May 2010 | The System Master speaks..
For all future updates and the latest lowdown on Vista, Windows7, Linux and Unix systems, go to TheSystemMaster.com
November 2009 | Windows7 released
The latest iteration from Microsoft has rolled off the developers' bench. Get the lowdown at Windows7wtf.com
March 2007 | Vista activation cracked by brute force
Microsoft's "unhackable" OS activation system has been hacked. Er, again.
It is a simple brute force attack which just tries keys. If it gets one, you manually have to check it and try activation. It's a bit clinky but it works..er, apparently
This particular method of attack has got to be a bit of a worry for Microsoft for many reasons. The crack is a glorified guesser, but with the speed of modern PCs and the number of outstanding keys, the 25-digit serials are within range. The biggest problem for MS? If this gets widespread, people will start activating legit keys that are owned by other people.
It won't take long for boxes bought at retail to be activated before they are bought. Worse, the people who coughed up the cash for the software for real will get 'you are a filthy pirate' messages. Won't that be a laugh at the MS phone banks in Bangalore.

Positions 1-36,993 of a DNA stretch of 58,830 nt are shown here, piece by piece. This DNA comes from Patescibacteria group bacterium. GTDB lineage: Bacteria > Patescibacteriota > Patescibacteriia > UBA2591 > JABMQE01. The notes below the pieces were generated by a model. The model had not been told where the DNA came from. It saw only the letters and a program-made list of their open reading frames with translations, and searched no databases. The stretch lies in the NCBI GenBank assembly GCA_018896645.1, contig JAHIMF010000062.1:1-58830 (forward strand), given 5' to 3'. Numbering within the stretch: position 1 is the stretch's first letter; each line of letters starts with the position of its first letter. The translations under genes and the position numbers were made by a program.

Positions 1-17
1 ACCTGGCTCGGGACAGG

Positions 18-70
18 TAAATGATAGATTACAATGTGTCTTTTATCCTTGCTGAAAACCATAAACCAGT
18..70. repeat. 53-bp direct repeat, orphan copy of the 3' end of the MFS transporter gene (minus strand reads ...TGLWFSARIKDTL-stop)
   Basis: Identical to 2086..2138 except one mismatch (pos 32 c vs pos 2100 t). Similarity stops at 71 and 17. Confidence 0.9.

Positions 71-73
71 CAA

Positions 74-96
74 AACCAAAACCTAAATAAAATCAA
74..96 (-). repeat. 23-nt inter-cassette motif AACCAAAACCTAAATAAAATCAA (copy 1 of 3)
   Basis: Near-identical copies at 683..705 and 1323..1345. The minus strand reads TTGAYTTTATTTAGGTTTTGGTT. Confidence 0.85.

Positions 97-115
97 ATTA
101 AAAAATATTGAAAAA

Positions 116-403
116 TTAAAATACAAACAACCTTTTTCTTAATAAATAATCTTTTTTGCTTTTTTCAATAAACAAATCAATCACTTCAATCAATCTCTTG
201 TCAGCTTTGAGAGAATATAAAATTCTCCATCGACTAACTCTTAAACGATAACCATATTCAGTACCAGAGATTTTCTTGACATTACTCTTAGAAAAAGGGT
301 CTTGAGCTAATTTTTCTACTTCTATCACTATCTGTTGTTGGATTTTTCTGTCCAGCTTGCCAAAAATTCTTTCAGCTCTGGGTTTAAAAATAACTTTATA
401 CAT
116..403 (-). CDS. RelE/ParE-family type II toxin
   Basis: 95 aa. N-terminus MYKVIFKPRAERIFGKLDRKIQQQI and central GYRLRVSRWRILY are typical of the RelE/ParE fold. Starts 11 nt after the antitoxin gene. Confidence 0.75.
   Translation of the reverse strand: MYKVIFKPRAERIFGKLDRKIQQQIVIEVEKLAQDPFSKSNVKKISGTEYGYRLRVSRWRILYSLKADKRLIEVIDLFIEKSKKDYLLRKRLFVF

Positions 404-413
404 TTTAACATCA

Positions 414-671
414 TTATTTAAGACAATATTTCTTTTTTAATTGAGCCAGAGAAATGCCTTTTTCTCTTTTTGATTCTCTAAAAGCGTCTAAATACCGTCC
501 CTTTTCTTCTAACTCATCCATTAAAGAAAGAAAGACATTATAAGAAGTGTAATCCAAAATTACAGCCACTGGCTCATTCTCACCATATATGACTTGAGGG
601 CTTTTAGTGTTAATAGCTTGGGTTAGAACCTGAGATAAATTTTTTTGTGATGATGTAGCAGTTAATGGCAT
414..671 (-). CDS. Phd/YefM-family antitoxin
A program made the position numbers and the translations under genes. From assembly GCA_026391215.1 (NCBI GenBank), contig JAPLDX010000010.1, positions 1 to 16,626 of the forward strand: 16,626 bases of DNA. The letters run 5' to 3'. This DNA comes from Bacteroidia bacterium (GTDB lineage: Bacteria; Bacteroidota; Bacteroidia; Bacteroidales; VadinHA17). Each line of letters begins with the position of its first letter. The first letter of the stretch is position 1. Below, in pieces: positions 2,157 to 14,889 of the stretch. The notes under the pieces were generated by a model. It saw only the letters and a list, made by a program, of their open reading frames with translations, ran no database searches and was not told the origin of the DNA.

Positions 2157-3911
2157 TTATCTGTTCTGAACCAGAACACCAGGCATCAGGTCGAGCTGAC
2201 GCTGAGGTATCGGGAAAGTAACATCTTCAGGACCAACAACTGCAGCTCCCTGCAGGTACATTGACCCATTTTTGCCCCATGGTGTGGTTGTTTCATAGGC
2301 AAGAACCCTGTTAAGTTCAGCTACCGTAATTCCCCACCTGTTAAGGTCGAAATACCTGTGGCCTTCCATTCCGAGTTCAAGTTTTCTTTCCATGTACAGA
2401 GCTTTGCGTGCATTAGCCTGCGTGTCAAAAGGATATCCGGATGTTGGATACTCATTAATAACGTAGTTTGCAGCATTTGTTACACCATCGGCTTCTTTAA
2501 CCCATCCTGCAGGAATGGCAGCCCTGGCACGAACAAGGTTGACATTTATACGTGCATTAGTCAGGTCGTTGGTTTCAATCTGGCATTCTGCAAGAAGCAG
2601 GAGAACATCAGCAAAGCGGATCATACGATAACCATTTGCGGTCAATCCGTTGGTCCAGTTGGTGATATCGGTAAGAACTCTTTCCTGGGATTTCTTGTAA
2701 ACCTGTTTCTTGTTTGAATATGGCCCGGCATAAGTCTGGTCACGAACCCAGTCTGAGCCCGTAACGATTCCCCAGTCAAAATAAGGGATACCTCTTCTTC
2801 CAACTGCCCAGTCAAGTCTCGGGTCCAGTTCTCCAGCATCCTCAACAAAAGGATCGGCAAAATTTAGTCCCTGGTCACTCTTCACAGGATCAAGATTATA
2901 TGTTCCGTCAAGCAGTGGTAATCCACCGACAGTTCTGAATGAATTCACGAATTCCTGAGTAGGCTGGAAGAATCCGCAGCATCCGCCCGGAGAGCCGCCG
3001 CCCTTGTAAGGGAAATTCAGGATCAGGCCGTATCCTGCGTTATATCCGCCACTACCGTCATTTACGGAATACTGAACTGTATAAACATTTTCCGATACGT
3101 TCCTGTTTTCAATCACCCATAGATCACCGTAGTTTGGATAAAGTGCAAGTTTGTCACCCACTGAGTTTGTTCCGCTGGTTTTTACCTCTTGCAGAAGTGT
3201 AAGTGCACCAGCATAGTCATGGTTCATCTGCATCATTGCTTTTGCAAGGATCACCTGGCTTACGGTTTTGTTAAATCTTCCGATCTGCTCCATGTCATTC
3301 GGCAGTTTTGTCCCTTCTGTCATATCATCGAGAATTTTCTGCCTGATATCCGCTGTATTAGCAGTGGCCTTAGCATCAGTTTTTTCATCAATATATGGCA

So, what do you do? There is really no differentiating between a legit copy with a manually typed in wrong key and a hack attempt. Sure MS can throttle this by limiting key attempts to one a minute or so on new software, but the older variants are already burnt to disk. The cat is out of the bag.
The code is floating, the method is known, and there is nothing MS can do at this point, other than suck it down and prepare for the problems this causes. To make matters worse, MS will have to decide if it is worth it to allow people to take back legit keys that have been hijacked, or tell customers to go away, we have your money already, read your license agreement and piss off, we owe you nothing.
This is nasty for MS, and if it allows you to take back your legit keys, how long do you think it will take before people catch on to the fact that you can call in and hijack already purchased keys once you generate one that someone else activated?
No, this is a mess and the problem is the very malware activation and anti-consumer licensing that MS built into Vista. Then again, it is kind of hard to feel sorry for them the way they screw their paying customers.